Monday, September 27, 2010

Finally upgraded my Mac Book Pro to Snow Leopard 10.6.3

Ok, not really a new one, but it took me time.


Small issue. A long time ago, I played with Linux on the Mac and I created a few new partitions. When I was done, I tried deleting them, with no luck. I then converted them to UFS and simply mounted them.

However, when I tried to upgrade to 10.6.3 from Leopard, the installer wouldn't let me, claiming that my startup disk was not a startup disk. Rebooting and trying the upgrade directly from the installation media didn't help either.

An attempt to kill the partition failed with MediaKit not able to delete it. It even claimed it there was no such partition.

At that point, my only choice would have been to replace the partition scheme and do a fresh install. So ..

Using an external USB drive, I used Time Machine to take a backup of everything: applications, parameters, files and so on. I then rebooted, selected the 1-partition scheme and reinstalled the whole OS.

First login: miracle! The installer asked me whether I wanted to restore a Time Machine backup! Of course I want. It did so and reloaded all my stuff. So cool! Later, I had to do a couple of adjustments: reinstall some applications that were 32-bits and not 64, install the new PGPMail, XCode and the Mac Ports, and recompile all my installed ports. As of now, everything works fine.

First step: upgrade

After reinstalling everything, I ran not one, but two sessions of upgrades. The combined total was around 1GB downloaded, where my install was around 5GB. That's kind of frustrating to see that in about a year, the whole OS will be completely replaced by patches and updates.


Perceptibly, Snow Leopard is snappier and the dock reacts faster than it did in 10.5. For computation intensive applications, it behaves the same and no CPU overhead is seen.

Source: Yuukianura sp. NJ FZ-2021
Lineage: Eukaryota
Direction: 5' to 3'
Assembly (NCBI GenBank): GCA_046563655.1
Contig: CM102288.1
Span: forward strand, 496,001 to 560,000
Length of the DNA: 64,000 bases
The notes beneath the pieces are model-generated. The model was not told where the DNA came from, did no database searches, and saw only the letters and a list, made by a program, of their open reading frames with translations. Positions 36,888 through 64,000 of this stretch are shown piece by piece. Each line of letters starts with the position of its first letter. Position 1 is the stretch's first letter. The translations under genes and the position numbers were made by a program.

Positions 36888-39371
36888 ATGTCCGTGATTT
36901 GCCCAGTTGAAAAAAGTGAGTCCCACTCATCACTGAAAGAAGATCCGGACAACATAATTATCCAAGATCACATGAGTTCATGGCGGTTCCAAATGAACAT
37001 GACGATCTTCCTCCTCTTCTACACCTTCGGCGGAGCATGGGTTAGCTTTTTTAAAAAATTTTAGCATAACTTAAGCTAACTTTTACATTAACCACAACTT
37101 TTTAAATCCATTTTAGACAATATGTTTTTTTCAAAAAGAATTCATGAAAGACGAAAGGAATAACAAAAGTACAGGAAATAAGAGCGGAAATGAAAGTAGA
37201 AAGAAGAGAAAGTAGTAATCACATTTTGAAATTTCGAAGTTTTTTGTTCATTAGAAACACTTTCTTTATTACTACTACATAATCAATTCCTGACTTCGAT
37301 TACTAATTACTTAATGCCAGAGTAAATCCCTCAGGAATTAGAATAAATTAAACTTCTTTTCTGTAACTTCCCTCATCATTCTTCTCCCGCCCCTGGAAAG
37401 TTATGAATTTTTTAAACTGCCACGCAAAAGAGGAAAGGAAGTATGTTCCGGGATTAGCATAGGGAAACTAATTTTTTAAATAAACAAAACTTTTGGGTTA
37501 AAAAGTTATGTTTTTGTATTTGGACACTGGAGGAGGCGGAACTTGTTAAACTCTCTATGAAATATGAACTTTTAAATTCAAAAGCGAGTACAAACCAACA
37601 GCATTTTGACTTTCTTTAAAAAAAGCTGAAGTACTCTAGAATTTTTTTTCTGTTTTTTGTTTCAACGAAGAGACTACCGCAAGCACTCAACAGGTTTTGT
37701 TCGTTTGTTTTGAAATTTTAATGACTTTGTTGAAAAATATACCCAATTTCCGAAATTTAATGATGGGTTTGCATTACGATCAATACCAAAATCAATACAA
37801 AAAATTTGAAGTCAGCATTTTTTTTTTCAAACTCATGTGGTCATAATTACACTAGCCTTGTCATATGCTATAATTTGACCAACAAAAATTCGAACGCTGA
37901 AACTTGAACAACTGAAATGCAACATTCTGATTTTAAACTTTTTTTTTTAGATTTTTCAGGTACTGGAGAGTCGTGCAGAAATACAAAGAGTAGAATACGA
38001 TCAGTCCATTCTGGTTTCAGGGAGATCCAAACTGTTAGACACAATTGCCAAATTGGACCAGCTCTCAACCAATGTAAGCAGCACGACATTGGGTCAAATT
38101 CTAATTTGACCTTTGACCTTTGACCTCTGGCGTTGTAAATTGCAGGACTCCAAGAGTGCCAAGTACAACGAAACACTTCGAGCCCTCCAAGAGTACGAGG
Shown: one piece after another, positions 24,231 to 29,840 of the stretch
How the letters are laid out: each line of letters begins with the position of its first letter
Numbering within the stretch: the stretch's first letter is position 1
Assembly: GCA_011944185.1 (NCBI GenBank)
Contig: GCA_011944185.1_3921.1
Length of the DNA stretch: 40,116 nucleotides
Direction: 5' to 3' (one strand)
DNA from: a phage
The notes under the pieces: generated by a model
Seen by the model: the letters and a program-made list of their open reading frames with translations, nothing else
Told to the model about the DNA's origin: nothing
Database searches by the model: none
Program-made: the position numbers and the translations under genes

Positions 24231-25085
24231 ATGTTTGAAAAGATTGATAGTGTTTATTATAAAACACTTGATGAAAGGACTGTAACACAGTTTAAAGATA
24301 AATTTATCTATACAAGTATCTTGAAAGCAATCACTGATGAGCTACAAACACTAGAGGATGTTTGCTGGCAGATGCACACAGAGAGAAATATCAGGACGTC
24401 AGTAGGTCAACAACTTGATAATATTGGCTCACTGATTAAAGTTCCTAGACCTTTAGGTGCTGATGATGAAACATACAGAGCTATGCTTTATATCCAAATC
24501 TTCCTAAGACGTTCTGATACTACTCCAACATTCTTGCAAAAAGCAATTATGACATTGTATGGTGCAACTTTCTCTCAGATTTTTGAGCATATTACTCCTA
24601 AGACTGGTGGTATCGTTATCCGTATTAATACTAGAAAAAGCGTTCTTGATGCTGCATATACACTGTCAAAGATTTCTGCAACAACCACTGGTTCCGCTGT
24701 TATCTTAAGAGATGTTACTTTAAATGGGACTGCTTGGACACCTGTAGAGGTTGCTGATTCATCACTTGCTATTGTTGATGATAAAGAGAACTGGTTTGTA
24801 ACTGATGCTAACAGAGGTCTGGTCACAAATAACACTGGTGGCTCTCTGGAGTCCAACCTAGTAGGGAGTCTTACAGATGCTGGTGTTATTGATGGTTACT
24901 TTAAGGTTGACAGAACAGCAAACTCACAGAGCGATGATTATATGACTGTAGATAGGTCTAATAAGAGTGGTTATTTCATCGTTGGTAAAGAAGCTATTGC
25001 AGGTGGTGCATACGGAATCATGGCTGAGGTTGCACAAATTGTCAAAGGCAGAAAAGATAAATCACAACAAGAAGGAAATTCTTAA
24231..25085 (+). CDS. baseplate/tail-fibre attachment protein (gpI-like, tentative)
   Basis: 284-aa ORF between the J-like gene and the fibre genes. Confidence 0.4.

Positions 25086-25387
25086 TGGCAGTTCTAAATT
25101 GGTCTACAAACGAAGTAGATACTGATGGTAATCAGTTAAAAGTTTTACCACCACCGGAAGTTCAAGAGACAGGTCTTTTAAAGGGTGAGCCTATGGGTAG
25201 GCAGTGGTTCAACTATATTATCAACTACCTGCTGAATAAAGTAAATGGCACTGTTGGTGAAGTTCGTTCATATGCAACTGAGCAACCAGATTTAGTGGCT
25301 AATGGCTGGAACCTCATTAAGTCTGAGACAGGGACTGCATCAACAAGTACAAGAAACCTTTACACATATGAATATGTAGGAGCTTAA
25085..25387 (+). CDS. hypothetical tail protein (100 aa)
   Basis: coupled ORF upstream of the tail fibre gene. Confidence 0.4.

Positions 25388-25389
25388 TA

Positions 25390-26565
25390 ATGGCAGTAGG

The only changes I saw was that my stacked applications now have a scroll bar, where the previous version scaled the icons instead. I don't have enough items in my Documents folder to tell if it behaves the same.


Snow Leopard installation is awesome and, while it took the largest part of my Sunday morning to do it, partially due to the Time Machine Backup, it went smoothly and without any hitch or bump. The possibility to restore a Time Machine Backup after the first boot is a nice and real cool functions and helped me in migrating my stuff. Should I have to do it again, I would use a Firewire disk rather than a USB one, as my dataset was around 43GB.

The OS doesn't feel different, it doesn't look different and it doesn't behave differently. Hugely appreciated when dealing with some people whose learning curve is almost horizontal ( :) ), and everything stayed at its place.

I haven't had the time yet to run all the tests I wanted, but I think I won't be disappointed.


XCode, (Developer account needed)